Short of raising the Halas Hall practice field to a higher altitude, the Bears have done virtually everything possible to recreate the Denver experience for quarterback Jay Cutler.
The Bears staged this reunion so well they really should consider offering birthday parties and bar mitzvahs.
"I think we all share the same type of mind," Marshall said of the ex-Broncos trio. "We strive for greatness."
Cutler enjoys such familiarity with his coach that, just two practices into the offseason installation, he felt comfortable telling Bates what plays to eliminate because, "I don't like them." The last time all three worked together, in Denver four years ago, Cutler and Marshall went to the Pro Bowl and Bates ascended to NFL genius status.
To hear the hyperbole coming out of so many mouths already, Chicago will be no different from the good ol' days. Big picture, the Bears better hope it is: The 2008 Broncos were 8-8 and missed the playoffs.
"He's a guy that I've missed," Cutler said of Marshall. "It's good having him back. He's a little bit different guy than he was in Denver in a good way. He's a really good influence for these younger guys."
True, but the most influential person at Halas Hall not named McCaskey remains Cutler.
The last time we saw Cutler throw a football before Wednesday, Chargers cornerback Antoine Cason caught it. Cason stepped in front of a slant pass intended for receiver Johnny Knox, who slipped and the Bears' season fell. It has been six months since Cutler broke his right thumb trying to tackle Cason on the interception return and all that has changed about the Bears is, well, everything.
The team said goodbye to the playoffs and, eventually, Mike Martz and the offense that endangered the quarterback species. They removed general manager Jerry Angelo and the eyes that never could spot a 1,000-yard wide receiver to bring out Cutler's best. They traded for Marshall and drafted a tall, big-play clone, Alshon Jeffery, to complement Cutler.
Finally, the Bears acted like a franchise that realized it had a franchise quarterback, who appreciated aiming at targets he could find without needing a scope.
"It changes where you can throw the ball, when you can throw the ball," Cutler said of adding two receivers taller than 6-foot-3.
I came curious whether Cutler still could throw with the same accuracy and velocity as he did before hand-picked surgeon Randy Viola repaired his broken thumb. The answer came when Cutler delivered a 25-yard dart on an out route to rookie tight end Evan Rodriguez in-between three defenders.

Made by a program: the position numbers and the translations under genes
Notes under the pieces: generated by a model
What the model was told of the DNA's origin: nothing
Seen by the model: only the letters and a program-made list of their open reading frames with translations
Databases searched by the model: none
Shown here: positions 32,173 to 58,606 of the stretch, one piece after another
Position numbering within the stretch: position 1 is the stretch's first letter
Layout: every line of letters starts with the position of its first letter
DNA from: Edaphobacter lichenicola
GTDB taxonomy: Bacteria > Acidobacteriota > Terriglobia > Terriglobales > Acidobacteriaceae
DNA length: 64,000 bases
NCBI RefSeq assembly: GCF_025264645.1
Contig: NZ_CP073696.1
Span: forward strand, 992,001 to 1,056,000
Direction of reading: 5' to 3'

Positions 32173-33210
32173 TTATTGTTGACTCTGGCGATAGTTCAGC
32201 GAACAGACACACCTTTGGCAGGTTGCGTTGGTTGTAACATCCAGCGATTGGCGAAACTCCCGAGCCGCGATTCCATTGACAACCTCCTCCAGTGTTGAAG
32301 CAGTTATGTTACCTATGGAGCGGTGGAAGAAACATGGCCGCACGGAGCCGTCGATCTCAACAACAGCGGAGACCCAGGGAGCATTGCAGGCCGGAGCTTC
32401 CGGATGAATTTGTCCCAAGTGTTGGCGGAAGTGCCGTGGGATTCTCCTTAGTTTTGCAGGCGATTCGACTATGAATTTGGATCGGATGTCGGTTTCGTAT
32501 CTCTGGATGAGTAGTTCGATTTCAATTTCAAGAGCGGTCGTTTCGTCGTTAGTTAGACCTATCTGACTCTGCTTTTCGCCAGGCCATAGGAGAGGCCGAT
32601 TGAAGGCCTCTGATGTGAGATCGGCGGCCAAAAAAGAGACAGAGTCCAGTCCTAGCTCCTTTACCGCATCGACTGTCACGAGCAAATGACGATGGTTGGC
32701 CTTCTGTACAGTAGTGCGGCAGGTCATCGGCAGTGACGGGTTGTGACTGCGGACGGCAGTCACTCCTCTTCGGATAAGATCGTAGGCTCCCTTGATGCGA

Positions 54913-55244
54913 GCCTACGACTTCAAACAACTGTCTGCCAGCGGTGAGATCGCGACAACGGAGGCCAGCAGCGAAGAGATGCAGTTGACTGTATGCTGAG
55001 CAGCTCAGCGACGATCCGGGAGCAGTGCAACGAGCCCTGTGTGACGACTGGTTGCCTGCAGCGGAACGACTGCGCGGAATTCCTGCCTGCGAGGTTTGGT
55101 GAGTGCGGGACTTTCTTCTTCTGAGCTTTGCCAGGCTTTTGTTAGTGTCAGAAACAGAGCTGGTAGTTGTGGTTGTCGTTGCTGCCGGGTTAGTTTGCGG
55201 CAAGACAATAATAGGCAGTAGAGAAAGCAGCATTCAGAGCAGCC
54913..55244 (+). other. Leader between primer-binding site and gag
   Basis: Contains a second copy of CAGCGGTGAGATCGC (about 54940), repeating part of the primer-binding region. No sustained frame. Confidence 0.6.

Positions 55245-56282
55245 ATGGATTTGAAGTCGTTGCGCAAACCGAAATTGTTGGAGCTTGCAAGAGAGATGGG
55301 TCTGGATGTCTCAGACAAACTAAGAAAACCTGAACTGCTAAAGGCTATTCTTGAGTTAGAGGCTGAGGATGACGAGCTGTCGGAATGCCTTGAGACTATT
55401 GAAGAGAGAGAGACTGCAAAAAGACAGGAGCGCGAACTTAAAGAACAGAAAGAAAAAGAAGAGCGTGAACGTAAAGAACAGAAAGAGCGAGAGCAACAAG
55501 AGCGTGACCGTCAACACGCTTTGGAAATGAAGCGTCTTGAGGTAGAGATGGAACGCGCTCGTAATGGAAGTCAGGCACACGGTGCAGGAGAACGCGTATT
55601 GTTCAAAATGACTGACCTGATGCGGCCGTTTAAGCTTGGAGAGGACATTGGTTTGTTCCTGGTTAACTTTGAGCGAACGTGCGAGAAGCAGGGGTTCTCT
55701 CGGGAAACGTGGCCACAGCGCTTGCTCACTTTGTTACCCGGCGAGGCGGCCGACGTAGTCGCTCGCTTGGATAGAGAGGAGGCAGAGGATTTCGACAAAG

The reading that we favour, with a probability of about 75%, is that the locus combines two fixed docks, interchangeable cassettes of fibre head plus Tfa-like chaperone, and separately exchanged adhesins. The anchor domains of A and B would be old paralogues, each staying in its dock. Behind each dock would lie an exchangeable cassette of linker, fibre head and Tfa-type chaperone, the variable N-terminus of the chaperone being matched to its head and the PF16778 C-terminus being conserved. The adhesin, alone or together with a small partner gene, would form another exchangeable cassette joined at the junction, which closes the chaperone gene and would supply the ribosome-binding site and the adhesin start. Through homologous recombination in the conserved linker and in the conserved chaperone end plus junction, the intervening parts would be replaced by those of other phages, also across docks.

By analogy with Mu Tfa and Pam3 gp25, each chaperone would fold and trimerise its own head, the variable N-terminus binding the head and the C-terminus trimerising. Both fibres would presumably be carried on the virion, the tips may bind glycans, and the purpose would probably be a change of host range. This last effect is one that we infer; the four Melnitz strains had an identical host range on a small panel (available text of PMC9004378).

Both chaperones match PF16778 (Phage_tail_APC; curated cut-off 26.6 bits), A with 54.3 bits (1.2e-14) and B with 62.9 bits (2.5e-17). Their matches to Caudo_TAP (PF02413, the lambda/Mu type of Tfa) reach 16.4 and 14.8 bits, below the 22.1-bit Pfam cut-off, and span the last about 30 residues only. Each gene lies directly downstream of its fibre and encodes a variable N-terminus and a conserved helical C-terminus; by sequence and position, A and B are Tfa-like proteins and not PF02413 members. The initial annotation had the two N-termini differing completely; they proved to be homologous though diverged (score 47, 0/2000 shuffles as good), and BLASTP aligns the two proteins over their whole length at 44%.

Nice work, Doc.
Now expect more wealth to follow health for Cutler, perhaps as soon as before the beginning of the season. In a league all about the quarterback, the contract clock is ticking. With two years remaining on a five-year, $50 million extension he signed in 2009, the Bears must realize the benefits for stability and the salary cap in locking up a 29-year-old quarterback whose presence affected every offseason decision.
Given the circumstances, it would not shock me if Cutler signs a long-term deal before disgruntled running back Matt Forte. If the Bears budget at least $20 million in guarantees to one offensive back, investing in Cutler is smarter money than Forte too. When Cutler was asked how much he misses Forte at organized team activities, interestingly, he answered by mentioning his potential replacement.
"(Michael) Bush is doing a good job out here for us," Cutler said. "We all know what Matt can do for this offense. We all expect to have Matt at some point. When he gets here, he's going to step right in."
How well Chris Williams steps in at left tackle, where the former first-round pick will battle J'Marcus Webb, matters just as much. As does the healthy return of right tackle Gabe Carimi and the development of an offensive line Cutler indirectly has challenged. Not to mention the play-calling flexibility of offensive coordinator Mike Tice, whose willingness to adapt game plans to what worked for the Broncos in '08 reflects an offense wisely designed solely for Cutler.
"It's a give-and-take," Cutler said. "That's a breath of fresh air."
That's the way it usually feels in a mile-high atmosphere.